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4” TFT Analog-GPS clock on Arduino

Status: Einsendung
6180
30
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31. Mai 2016
my-proto1.jpg
4” TFT Analog-GPS clock on Arduino

Every electronic hobbyist dreams to display his work on display – be it LCD, GLCD (64*128), OLED or TFT . LCDs are the oldest type of displays. If putting your work on LCD or GLCD is great then putting it on OLED is certainly greater but nothing can be compared when you can put your hard work to display on a 4” TFT display. From one end to the other end it's 480*360 pixel to put up with and it's very very impressive.

The latest Chinese TFT displays are very cheap and works perfectly with Arduino & Raspberry Pi. The TFT ILI9488 display costs about $8 on aliexpress.com. There are two varieties available one with 26 pins 13*2 DIL and the other is with pins aligned exactly to sit on an UNO board.

See pic:
Raspberry Pi style – Good for making compact design. Like my Tambola on Arduino game.

Pic-1: Raspi type display

Pic-2: Raspi type pin position

Pic-3: Arduino type display

Arduino style – Directly sits exactly on an Arduino UNO board. The major disadvantage is that once it sits on an UNO board one can hardly use any other GPIO pins for other usages. Both these styles I've used for creating art works on Arduino & Raspberry Pi. The Arduino type has an extra SDCard attached and gets connected to the SPI (D-10,11,12,13) pins when inserted.

Hurdles: The main hurdles that I faced with these type of displays is that they are not common and all are made by mcufrends.com. Fortunately the mcufriends.com itself has made and freely distributed the MCUFRIEND_kbd.h header files which works out of the box for these displays and many other type of similar displays. The other header file that are required for this displays are Adafruit_GFX.h [both these header files are added in the archieve]

Pin connections of the TFT shield:
While the pin connections of the Arduino type is pretty clear and straight forward the same on Raspberry Pi type is not clear at all. However, here's my hard work for you to make your life easy ! [See the connection diagram for both the types]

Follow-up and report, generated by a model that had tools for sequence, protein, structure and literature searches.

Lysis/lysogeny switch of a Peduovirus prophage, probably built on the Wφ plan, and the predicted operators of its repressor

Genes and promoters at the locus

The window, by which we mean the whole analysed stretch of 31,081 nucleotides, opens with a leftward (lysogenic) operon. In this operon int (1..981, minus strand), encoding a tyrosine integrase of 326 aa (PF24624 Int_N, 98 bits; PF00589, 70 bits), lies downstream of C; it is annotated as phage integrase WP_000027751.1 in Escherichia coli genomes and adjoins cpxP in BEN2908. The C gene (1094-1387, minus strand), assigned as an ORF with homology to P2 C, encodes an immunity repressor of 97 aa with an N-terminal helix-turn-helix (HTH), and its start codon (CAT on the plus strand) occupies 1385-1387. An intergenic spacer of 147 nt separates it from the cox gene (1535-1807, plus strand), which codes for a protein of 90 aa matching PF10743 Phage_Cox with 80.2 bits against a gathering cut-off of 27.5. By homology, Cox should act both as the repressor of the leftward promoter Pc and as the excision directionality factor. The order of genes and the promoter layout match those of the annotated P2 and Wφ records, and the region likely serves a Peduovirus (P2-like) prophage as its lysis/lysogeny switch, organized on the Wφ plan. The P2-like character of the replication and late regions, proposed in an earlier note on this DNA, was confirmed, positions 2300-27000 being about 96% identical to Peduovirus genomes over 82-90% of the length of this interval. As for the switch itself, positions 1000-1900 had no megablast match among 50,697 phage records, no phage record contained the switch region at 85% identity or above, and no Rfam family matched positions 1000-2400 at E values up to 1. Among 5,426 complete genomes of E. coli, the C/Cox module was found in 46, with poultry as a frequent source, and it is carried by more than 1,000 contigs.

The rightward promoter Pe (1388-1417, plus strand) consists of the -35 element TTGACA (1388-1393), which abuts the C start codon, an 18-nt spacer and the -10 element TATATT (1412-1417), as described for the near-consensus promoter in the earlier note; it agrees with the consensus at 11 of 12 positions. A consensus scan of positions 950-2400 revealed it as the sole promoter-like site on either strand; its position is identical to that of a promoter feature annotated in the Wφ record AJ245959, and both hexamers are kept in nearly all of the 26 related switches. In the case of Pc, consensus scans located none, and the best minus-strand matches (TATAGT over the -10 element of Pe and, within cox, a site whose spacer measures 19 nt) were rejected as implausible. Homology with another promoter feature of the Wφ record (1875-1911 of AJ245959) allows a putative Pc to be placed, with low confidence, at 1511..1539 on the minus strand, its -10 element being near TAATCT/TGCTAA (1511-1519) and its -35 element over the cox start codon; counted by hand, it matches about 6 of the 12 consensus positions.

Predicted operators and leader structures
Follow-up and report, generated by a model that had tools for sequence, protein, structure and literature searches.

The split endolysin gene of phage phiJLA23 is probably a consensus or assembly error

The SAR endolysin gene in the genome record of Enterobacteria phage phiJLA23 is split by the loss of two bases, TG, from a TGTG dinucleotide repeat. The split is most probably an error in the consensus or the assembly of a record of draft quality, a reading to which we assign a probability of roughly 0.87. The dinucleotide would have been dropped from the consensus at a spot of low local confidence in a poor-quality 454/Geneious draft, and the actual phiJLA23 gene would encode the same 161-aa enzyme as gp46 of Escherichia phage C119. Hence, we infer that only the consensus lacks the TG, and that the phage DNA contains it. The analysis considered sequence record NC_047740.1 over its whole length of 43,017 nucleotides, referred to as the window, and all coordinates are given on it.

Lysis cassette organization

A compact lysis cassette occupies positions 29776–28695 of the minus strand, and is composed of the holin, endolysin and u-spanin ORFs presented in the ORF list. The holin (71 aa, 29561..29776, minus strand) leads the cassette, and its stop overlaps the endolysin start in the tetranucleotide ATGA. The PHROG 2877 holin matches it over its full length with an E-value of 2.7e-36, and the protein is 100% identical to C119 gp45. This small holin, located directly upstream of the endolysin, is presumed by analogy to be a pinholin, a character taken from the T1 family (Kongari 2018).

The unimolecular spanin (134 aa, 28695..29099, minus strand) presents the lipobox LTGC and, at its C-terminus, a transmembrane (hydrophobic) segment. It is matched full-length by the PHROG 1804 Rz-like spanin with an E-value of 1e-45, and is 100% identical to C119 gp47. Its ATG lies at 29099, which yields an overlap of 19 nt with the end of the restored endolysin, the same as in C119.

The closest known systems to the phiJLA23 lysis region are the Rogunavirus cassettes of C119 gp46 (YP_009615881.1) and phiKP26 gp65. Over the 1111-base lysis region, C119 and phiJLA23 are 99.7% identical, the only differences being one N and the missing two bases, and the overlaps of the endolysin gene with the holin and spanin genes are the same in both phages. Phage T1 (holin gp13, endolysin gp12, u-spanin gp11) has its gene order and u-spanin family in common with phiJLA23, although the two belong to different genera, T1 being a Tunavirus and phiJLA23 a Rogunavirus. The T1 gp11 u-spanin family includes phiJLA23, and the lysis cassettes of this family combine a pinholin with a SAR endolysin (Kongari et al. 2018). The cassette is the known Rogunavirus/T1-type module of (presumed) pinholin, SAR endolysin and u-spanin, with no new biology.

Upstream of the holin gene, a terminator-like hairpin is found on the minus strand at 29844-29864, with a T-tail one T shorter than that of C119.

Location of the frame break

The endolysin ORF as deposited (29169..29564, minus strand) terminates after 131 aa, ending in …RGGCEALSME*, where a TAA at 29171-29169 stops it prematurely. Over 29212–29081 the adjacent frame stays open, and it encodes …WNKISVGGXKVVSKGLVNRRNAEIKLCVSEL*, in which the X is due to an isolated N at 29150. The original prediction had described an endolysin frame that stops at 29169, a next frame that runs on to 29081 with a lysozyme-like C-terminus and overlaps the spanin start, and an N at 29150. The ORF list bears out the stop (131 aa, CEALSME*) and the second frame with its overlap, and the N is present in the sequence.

TFT Pin (Arduino UNO type shield)
[ 3.5” TFT display ]Arduino Pin
RD -> A0
WR ->A1
RS -> A2
CS ->A3
RST ->A4
D0 ->D-8
D1 ->D-9
D2 ->D-2
D3 ->D-3
D4 ->D-4
D5 ->D-5
D6 ->D-6
D7 ->D-7
3.3 volt ->3.3 volt
Gnd -> Gnd
5 volt ->5 Volt

While the Arduino type shield is fairly easy to connect but difficult to attach other devices , the Raspberry Pi type shield is little difficult to find out the pin details but it has extremely easy & compact interface while fitted up . Here's the 26 pin DIL pin details which will go to the same pins of Arduino.

Raspberry Pi type Shield (pin detail)
See picture

These shields are basically for 3.3 volt operations. But upto 5 volt it works , However, prolong operation on 5 volt is not recommended as it gets heated up profusely. In case you want to free some other Arduino pins then you look into the mcufriend_shield.h file and re-write the connections as I shifted some connections to alternate pins.

*The Arduino UNO type shield comes with an SPI connected SDCard too.

Construction: The possibilities are limitless when you can tie up the display so easily. Here's a GPS ana-digital clock with temperature indicator built with the following Bill Of Materials.

01. 3.5” TFT display – (mcufriend.com): $8
02. Arduino UNO (clone) - $3
03. GPS receiver - $9
04. LM35/TMP36 - - $1
–-------------------------------------------------------------------------------------
The connections are easy as shown in the schematic diagrams. Since all the top portion of the UNO is covered by the TFT shield, the connections for the LM-35, GPS receiver is taken from the bottom side of the UNO shield.


Software: This is real fun ! With small strokes of code the TFT behaves differently and opens up many different ways of displaying the output. Creating a thick line, making the hands move smoothly was real challenge as the Adafruit_GFX is not so much developed but a look back to the high school trigonometry is all that you need to make it all happen for you.

Operation: The present GPS receivers which have a built in patch antenna on top ,can locate the LEO GPS satellite very easily if you have your windows are open or glass covered. The moment it locates 2 such satellites ,the time starts ticking on the analog dial. At the same time the time is shown digitally on the right side with the temperature display at the bottom. For temperature sensor I've used a TMP36 sensor which works on 3.3 volt. However, an LM35 can also be used but you have to have 5volt supply for that.

Schematic:
Pic-4

My Prototype:
my-proto1.jpg
my-proto2.jpg

Software:

Header files:

Find a small video here:
https://www.youtube.com/watch?v=XcySk6jQQas

Bye, bye

S. Bera
Vindhyanagar
 
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